Davao rebel’s kin in hiding, fear military reprisal

DAVAO CITY — Dry leaves litter the grassy alley leading to the house in Bago Galera, Toril District here that once belonged to the Pitao family. Beyond the open gate that displays a blue poster of a local candidate in the last elections, the house remains closed, its concrete walls wet from a recent rain, reverberating a stony silence.

The Pitaos don’t live here anymore. Not since Rebelyn was abducted, tortured, raped and killed two years ago.  She would have turned 22 on Sunday, March 20.

“All of them have left and rarely come back,” said the payongpayong driver who led VERA Files to the Pitao home midway from the highway.

Payongpayongs or umbrella-covered tricycles like this one used to take Rebelyn to and from her work as substitute teacher at Saint Peter’s College in Toril.

She was the daughter of Leoncio Pitao, also known as Kumander Parago, the head of the New People’s Army Pulang Bagani Command that operated in the Davao area. Despite years of intensive manhunt by the military, Pitao has eluded capture.

Failing to get Kumander Parago, the military instead targeted members of his family. Aside from Parago’s daughter Rebelyn, his brother Danilo was also shot and killed by, human rights groups believe, military elements hunting Parago down.

The deaths of Rebelyn and Danilo and the threats on other relatives cast serious doubt the government could protect vulnerable family members against such harm. The International Humanitarian Law (IHL), or Republic Act 9851 in the Philippines, specifies that family members of combatants not taking part in the armed conflict be considered civilians. They should thus be given protection and spared from the armed conflict.

Rebelyn was not. She was riding a payongpayong on her way home on March 4, 2009, when two burly men blocked the stretch of road isolated from the highway. The men told the driver to stop and, with the help of two men on the tricycle, dragged Rebelyn, screaming for help, to a white van parked nearby.

Her body was found barely 24 hours later, dumped in an irrigation ditch in a village in Carmen town, Davao del Norte, about 55 kilometers from where she was abducted.

Two years after she was killed, Rebelyn’s family has gone into hiding.

“They have changed places so many times, we could no longer keep track of where they are now,” said Erlin Balinton, senior paralegal officer of the human rights group Karapatan. “They are now living like nomads, transferring from place to place.”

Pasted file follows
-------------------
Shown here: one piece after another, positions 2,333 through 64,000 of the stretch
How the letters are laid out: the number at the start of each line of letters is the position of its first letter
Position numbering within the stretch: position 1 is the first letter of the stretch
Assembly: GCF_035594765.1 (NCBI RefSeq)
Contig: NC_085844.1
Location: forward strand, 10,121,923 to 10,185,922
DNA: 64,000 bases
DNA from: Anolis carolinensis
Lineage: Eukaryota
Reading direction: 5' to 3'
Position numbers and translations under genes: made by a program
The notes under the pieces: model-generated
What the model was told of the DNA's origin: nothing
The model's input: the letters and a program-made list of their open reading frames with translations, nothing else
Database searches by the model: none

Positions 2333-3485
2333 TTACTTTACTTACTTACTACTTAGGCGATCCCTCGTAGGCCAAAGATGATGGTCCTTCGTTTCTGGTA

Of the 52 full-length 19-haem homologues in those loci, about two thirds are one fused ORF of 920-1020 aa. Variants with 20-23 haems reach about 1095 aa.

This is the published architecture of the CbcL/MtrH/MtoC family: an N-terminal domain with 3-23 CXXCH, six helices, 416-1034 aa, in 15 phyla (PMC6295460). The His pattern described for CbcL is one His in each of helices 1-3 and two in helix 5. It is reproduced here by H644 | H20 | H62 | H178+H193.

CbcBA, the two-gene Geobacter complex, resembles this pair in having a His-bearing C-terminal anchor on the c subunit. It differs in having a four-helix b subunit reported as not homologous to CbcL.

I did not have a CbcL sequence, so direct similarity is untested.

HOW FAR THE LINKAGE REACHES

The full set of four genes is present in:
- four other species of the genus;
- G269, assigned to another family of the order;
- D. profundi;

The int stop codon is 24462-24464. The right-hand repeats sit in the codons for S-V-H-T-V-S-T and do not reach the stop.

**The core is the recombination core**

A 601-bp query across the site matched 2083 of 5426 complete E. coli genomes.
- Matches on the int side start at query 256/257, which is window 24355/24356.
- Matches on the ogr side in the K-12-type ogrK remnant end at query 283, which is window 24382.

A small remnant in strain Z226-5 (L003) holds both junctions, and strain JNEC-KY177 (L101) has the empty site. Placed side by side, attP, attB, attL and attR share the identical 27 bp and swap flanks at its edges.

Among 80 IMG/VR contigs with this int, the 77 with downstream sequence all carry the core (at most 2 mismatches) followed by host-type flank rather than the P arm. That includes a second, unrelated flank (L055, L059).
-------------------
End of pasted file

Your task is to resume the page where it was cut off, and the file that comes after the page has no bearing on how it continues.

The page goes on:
Nagabalhin balhin og balay (They frequently transfer houses) because they know they could never be safe and secure,” said Ritchell (not his real name), a young relative also forced into hiding because of his relationship with Parago.

“The last time they rented a duplex apartment in an enclosed compound, they were followed by suspicious men they later found out belonged to the military,” said Ritchell. “When they learned that the men had been asking questions about them, the family packed up and left.”

In Rebelyn’s village, even neighbors turn suspicious of strangers who, before Rebelyn’s death, used to find their way here, plying all sorts of goods, to get information about the family.

“We felt that we were constantly being watched and followed,” Ritchell added. “It’s a really difficult life.”

More deaths and threats

Nine months before her death, Rebelyn’s uncle Danilo Pitao was gunned down in broad daylight on the streets of Tagum City by men his relatives believed were members of the Military Intelligence Group (MIG) tasked to siphon out information to be used for the capture of Parago.

Danilo was a seaman who earlier changed his surname to “Santiago” to avoid the questions that his family name might pose in his desire to work abroad.

But back in the country and a year before he was killed, Danilo had been receiving death threats on his cellular phone, reportedly because of his relationship with Parago. When he went to Camp Panacan to clear his name, he was recruited into the MIG.

“It was his birthday, May 20, 2007,” recalled a relative. “We were worried he would be killed then and there.”